CHENNAI: Just before the World Athletics U20 Championships in Nairobi, India’s only senior world championships medallist, Anju Bobby George, said this apropos Shaili Singh. “She is in that 6.60m range.” On Sunday, her words were prophetic. The distance Shaili managed to clear in her third attempt was 6.59m, enough to fetch her a historic silver behind Sweden’s Maja Askag in the long jump final. The Swede jumped 6.60m.
Sometimes, a nudge in the back is all that an athlete needs to produce the best. In this case, Shaili was pushed to fourth after Tessy Ebosele produced 6.45m with her first jump. Shaili’s second jump was identical to her first: 6.34m.Only one jump. Just one leap... that’s all that matters. Shaili knew about it.
But what was impressive about her mark of 6.59m (wind assisted) — on her third attempt — is that the 17-year-old not only produced her personal best but is even threatening to overshadow her mentor and coach, Anju. The glitter is even sweeter for Anju and her husband and coach Robert Bobby George. The two fought their way through the world when government aid and support were not as quite forthcoming as it is now. They know how difficult it is to produce champions in the present set-up. Yet the two undertook this perilous journey to produce champions in a discipline both knew about and loved.
After the second jump, the girl from Jhansi looked distressed. She was shaking her head. She knew she was capable of doing better. Her movement across the track was smooth, she gained enough momentum and leaped. Her jump off the ground and the last lunge forward too looked good. There is one step that she would have to take a relook. She was off the take off board by a few centimetres. She went to speak with her coach and Robert George pointed out that there was enough space between the foul mark and her take-off. “I just told her to take full advantage of the take off board,” Robert told this newspaper from Nairobi. “It is 20cm wide and if she manages a perfect take-off she would clear 6.54m. But she did 6.59m. It’s all her effort and the way she kept her focus is commendable.”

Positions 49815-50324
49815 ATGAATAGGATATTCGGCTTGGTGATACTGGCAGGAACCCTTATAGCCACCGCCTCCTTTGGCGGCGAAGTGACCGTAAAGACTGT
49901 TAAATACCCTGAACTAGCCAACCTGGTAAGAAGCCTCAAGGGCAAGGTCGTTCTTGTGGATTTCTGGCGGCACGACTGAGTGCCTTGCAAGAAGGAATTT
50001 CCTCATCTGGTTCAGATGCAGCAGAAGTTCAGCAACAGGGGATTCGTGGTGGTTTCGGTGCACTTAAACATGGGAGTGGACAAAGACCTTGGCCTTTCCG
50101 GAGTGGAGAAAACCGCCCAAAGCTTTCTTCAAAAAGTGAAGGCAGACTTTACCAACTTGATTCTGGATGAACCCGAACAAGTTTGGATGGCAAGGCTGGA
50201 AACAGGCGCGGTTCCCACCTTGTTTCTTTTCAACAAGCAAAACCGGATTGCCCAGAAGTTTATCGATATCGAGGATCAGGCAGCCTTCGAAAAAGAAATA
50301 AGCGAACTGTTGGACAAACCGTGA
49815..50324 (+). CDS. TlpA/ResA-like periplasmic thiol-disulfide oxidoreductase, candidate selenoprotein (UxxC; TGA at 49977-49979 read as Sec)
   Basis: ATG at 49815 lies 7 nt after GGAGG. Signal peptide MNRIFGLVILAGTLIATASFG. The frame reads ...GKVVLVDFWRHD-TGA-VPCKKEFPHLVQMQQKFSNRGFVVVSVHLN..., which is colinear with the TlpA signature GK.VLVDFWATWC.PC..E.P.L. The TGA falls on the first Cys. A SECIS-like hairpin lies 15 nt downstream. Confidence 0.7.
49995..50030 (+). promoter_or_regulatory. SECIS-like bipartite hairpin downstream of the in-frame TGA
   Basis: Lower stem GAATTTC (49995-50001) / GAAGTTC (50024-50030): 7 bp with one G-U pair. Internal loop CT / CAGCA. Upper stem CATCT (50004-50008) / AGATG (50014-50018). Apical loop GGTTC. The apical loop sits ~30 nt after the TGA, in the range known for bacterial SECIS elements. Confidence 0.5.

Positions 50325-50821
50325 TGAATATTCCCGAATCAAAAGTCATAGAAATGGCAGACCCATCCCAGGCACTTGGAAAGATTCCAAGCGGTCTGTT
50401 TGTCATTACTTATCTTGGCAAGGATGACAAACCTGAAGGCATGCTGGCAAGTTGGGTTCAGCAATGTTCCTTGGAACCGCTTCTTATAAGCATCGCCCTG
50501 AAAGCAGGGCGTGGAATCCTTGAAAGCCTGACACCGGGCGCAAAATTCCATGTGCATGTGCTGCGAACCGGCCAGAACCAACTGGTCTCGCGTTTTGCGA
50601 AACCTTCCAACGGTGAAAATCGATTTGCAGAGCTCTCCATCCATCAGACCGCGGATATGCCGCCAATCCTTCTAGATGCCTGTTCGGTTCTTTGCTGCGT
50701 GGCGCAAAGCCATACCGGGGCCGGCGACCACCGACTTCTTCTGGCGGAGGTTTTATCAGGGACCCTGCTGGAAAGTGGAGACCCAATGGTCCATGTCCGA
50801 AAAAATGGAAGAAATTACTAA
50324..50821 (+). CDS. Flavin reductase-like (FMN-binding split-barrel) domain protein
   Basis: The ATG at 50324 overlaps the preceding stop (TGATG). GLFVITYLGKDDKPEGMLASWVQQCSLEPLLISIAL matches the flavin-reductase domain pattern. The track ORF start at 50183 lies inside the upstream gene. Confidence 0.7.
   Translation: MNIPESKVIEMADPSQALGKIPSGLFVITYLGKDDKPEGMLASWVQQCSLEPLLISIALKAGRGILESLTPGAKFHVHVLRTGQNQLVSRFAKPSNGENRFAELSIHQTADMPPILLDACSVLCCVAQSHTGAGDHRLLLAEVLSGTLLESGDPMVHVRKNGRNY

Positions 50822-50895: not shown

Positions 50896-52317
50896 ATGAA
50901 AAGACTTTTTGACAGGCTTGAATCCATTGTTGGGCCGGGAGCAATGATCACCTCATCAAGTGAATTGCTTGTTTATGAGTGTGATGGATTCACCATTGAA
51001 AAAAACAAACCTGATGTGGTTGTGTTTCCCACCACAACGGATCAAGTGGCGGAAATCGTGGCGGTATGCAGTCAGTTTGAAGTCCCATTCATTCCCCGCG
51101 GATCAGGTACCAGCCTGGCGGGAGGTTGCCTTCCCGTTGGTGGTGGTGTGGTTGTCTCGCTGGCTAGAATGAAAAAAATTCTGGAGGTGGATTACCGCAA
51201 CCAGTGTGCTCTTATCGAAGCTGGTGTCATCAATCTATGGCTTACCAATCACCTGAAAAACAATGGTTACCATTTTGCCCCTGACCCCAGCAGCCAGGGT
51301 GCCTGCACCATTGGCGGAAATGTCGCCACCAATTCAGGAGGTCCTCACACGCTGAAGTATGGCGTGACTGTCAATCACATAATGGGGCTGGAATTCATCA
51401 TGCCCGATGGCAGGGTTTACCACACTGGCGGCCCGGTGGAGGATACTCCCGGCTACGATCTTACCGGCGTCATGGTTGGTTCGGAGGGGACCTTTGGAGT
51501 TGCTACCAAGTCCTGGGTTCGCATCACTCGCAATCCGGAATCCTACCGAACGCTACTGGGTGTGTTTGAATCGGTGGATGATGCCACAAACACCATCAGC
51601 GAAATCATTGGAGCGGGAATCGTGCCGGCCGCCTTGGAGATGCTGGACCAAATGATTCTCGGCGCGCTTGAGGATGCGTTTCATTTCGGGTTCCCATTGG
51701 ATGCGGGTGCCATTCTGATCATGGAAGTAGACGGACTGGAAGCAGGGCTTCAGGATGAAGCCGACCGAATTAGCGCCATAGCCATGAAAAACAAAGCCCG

Even during her greatest triumph, Shaili did not forget the hardhip her mother, Vinita, endured back home in UP. “She (Vinita is a single parent) has gone through a lot but she is a very strong lady,” she said. “Even before the meet I had spoken to her and she said I would win gold. Hopefully, next time I shall.” In fact it was her mother who helped her take up the sport.
Shaili was picked by Anju and Robert during an inter-disctrict competition when she was just 14. Since then she has been nurtured at the Anju Bobby George academy in Bengaluru. Shaili has not gone home since December last year despite lockdown. When the second lockdown was announced and the hostel at the Bengaluru SAI centre was shut, she had to shift to Anju’s house in Kengeri. The athlete is part of the Target Olympic Podium Scheme’s development group. “We had to even dig a pit for her to jump during lockdown and the girls were training and cooking and taking care of the hostel,” Robert said.
Another aspect that Robert had been emphasising was scouting an athlete at a proper age. “When we spotted her she was 14, it was a perfect age,” he said. “It is very difficult to unlearn. The brain’s ability to learn and retain is key. We have to think about brain’s neuroplasticity. If something has already been registered it takes a lot of time to change. We were lucky to have got such a talented youngster so early.” Anju too was delighted. “I have been saying that she is capable of doing 6.60m. She is very good and we hope to nurture her more.”
TN triple jumper Donald finishes fourth
Tamil Nadu's M Donald missed out on a medal by a narrow margin as he finished fourth in the men's triple jump final on the final day of the World Athletics U20 Championships in Nairobi, Kenya, on Sunday. He also achieved his personal best on the occasion, with a jump of 15.82m in his fifth attempt. The 19-year-old is originally from Tiruchy but currently trains in Coimbatore.
3 India finish campaign with 3 medals, their best performance ever